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  • Writer's pictureGunnar Garfors

A Third Runway, Anyone?

OSL seen from the north. Creative Commons licensed photo by Avinor.

Several airports want to add a third runway, including Oslo Airport Gardermoen OSL, the main airport in Norway. But is that really necessary, or nothing but show-off and grandiosity, or even megalomania?

Let’s look at some numbers. OSL currently has two parallell runways that accommodates 260,000 aircraft movements (landings and take-offs) per year. That means an average of 713 per day, or 40 per hour (given full capacity 18 of 24 hours a day). 40 per hour, divided on two runways, is 20 per runway.

Avinor, a state-owned limited company that operates most of the civil airports in Norway, desperately wants to add a third runway. The company claims that the additional runway is needed due to a projected growth of 2 percent per year in passenger numbers (not in aircraft movements, as most of the growth will be covered by big aircrafts).

A comparison with some other airports may be called for. Hell, let’s even compare with a couple of single runway airports. London Gatwick LGW is one of six commercial airports that covers the British capital, which means that aircraft traffic is fierce and heavily regulated in the area. Gatwick manages 284,000 aircraft movements per year, which is 9 percent more than OSL. But even that dwarfs in comparison with Chhatrapati Shivaji Maharaj International Airport BOM of Mumbai in India. Also a single-runway airport, it managed 1 003 aircraft movements in 24 hours (almost 42 per hour around the clock, which is two more per hour than OSL with two runways operating only 18 hours of the day), and clocked in at almost 321 000 movements in 2018. That is 23 percent more than OSL (reminder: with only one runway).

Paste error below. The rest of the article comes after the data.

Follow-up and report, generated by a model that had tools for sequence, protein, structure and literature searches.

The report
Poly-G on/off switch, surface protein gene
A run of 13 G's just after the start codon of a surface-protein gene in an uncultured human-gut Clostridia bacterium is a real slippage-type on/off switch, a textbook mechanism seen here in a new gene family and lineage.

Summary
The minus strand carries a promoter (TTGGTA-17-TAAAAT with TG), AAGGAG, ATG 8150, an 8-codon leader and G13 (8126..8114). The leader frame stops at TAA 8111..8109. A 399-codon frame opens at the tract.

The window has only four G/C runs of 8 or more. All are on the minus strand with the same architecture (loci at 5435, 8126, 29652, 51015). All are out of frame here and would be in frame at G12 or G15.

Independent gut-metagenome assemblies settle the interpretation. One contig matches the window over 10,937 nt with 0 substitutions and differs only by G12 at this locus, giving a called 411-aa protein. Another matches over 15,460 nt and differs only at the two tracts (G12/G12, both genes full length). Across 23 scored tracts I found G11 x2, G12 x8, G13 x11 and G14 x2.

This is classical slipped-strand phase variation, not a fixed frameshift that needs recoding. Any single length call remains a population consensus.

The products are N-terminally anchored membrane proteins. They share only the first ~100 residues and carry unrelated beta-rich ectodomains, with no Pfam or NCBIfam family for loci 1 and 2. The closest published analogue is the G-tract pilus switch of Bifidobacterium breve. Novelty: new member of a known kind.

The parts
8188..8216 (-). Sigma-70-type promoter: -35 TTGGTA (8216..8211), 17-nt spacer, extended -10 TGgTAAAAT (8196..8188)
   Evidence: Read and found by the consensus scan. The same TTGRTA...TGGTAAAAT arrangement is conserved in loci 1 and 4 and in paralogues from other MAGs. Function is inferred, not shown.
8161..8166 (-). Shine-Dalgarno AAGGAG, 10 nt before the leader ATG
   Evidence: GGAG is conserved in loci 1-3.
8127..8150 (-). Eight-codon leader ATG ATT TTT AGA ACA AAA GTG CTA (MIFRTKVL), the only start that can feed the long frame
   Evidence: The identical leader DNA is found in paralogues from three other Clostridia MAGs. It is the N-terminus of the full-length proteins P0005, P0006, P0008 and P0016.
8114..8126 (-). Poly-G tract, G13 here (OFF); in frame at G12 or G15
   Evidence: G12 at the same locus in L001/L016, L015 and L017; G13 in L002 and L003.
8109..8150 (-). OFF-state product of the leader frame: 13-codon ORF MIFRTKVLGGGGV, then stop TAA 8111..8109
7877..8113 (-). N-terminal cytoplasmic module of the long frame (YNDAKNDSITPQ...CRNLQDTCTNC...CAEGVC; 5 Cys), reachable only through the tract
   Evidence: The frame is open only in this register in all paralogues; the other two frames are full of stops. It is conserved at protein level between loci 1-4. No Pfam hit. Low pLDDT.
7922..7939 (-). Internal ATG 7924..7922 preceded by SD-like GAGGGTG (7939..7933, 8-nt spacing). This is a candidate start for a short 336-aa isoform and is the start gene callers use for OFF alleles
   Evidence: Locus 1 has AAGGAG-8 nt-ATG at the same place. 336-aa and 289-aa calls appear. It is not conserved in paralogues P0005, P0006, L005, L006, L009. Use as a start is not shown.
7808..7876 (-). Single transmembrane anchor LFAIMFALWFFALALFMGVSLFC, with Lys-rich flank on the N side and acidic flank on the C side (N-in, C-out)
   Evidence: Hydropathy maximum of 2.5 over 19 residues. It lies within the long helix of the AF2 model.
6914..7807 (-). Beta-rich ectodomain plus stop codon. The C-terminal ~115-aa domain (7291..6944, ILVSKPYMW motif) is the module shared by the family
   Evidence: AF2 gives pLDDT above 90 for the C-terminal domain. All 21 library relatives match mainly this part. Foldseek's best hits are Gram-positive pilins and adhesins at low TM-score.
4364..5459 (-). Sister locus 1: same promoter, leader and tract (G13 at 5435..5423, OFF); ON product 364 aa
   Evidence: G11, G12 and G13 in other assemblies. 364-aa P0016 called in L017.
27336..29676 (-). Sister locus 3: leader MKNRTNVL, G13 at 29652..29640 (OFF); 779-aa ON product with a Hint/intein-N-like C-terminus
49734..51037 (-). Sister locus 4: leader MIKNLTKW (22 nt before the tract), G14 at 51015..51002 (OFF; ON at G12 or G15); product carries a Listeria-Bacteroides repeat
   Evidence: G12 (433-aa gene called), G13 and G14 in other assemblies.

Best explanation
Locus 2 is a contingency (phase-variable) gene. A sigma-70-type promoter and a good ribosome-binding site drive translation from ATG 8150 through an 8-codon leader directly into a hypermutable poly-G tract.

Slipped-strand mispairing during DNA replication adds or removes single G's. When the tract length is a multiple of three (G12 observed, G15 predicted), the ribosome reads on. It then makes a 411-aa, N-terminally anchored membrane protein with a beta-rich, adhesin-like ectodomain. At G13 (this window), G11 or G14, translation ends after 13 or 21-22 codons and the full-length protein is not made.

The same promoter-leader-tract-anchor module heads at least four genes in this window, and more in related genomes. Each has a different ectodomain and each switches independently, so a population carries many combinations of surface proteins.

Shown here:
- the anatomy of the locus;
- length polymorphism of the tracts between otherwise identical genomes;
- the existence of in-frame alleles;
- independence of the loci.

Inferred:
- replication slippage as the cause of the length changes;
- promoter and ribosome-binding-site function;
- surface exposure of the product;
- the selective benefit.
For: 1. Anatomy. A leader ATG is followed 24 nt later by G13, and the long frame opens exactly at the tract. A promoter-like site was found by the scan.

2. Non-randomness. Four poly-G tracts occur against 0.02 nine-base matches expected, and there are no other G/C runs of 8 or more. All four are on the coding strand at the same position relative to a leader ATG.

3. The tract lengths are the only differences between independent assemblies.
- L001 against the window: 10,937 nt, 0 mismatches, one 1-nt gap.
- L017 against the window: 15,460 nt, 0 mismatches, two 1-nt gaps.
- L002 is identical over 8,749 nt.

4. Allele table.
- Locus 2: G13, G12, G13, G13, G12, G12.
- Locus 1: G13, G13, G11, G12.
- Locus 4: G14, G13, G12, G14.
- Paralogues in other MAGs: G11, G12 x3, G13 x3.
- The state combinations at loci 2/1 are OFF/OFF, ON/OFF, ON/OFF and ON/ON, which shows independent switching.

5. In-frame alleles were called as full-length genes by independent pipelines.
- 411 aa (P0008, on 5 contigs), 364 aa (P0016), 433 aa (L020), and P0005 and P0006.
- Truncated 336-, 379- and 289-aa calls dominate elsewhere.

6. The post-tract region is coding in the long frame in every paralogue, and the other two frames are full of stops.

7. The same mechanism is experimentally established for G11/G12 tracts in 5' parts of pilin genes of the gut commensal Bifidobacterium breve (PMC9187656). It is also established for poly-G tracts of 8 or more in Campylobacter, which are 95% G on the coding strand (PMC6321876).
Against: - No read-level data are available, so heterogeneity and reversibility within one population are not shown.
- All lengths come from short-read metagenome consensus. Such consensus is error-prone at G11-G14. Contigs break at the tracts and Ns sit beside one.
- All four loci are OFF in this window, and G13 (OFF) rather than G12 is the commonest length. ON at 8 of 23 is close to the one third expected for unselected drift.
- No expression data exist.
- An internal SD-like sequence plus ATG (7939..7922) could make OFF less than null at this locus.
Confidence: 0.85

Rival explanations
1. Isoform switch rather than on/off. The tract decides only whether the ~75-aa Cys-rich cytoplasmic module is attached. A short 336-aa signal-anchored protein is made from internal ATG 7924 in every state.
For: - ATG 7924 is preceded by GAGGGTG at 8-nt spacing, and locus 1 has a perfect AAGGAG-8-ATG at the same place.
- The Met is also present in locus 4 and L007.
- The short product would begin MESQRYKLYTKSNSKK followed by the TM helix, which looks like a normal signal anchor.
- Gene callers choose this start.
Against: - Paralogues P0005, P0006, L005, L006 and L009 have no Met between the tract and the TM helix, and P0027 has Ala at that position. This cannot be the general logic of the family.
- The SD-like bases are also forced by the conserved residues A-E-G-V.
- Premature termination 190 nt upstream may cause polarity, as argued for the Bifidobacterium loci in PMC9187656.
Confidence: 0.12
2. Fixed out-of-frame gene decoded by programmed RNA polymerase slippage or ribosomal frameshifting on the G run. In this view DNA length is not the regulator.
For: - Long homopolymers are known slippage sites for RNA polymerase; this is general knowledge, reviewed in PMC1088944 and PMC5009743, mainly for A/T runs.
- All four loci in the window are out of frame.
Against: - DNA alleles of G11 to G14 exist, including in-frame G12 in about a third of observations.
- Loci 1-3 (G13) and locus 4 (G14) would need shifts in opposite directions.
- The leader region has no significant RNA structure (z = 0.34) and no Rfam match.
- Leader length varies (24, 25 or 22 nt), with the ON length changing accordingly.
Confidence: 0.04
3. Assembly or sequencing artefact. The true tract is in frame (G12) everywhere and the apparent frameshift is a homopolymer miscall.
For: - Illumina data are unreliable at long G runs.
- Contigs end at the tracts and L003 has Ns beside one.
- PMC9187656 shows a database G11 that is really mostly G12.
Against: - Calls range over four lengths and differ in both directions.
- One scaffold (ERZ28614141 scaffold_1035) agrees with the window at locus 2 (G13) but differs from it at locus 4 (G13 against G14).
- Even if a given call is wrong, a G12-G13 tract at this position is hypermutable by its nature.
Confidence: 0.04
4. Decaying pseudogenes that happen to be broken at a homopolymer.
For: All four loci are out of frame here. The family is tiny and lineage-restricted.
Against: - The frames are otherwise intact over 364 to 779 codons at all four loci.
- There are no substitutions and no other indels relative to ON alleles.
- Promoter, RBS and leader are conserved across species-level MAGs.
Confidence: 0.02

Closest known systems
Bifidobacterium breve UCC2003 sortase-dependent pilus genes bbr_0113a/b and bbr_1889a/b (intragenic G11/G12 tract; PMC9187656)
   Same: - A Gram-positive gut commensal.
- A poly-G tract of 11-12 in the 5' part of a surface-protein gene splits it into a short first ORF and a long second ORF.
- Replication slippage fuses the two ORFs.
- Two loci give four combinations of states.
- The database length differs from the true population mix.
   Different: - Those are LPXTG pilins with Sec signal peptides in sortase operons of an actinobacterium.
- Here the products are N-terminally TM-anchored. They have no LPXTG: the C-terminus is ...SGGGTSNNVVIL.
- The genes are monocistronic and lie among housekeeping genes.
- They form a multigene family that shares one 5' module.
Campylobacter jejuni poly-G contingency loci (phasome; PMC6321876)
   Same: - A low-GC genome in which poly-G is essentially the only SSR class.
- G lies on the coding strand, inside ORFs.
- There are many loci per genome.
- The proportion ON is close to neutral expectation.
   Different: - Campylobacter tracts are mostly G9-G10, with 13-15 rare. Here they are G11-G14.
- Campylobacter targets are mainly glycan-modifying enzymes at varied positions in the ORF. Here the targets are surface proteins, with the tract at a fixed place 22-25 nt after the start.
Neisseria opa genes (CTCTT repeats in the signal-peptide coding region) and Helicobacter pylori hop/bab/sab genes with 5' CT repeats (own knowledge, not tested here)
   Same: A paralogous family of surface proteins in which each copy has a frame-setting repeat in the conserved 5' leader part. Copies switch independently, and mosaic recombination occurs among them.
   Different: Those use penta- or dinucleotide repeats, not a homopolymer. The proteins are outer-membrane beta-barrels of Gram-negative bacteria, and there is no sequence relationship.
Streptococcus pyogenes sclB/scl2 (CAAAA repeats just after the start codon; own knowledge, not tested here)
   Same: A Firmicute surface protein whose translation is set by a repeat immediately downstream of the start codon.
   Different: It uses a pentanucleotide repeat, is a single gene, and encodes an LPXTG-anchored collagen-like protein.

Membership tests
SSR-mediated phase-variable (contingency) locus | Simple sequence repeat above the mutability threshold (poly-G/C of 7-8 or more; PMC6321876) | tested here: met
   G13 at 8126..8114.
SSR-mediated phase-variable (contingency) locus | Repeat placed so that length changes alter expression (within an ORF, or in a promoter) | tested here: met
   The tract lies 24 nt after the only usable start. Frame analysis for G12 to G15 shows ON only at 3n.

How about comparing OSL to two-runway airports? The busiest in the world, in terms of passenger numbers, is Dubai International Airport DXB in UAE with 408,000 aircraft movements in 2018. That is 57 percent more than OSL. But London Heathrow LHR boasts even more impressive figures. And as OSL, the main airport of the UK also seeks to expand with a third runway – for much more understandable reasons (although I am not endorsing the third runway at Heathrow either, an extra one at Gatwick and a railway or a hyperloop in-between might make more sense). There are, after all, over 67 million people in the UK, compared with only 5.4 million in Norway. And the two runways at LHR managed 478,000 aircraft movements in 2018, a whopping 84 percent more than two-runway colleague OSL.

Do note that there are two other airports in Greater Oslo: Torp Sandefjord TRF (167 kilometers south) and Moss Rygge RYG (112 kilometers south). The latter of those closed down a few years back due to a lack of traffic.

Perhaps Oslo Airport OSL, and others in its league, should look at effectivity measures instead of moaning and wasting taxpayer money at another runway?

And that is before I have even started talking about the climate. Aviation is far from the worst offender out there, but should still reduce its footprint – as should every other industry out there. Building additional runways sends the wrong signal and is not the way to go.

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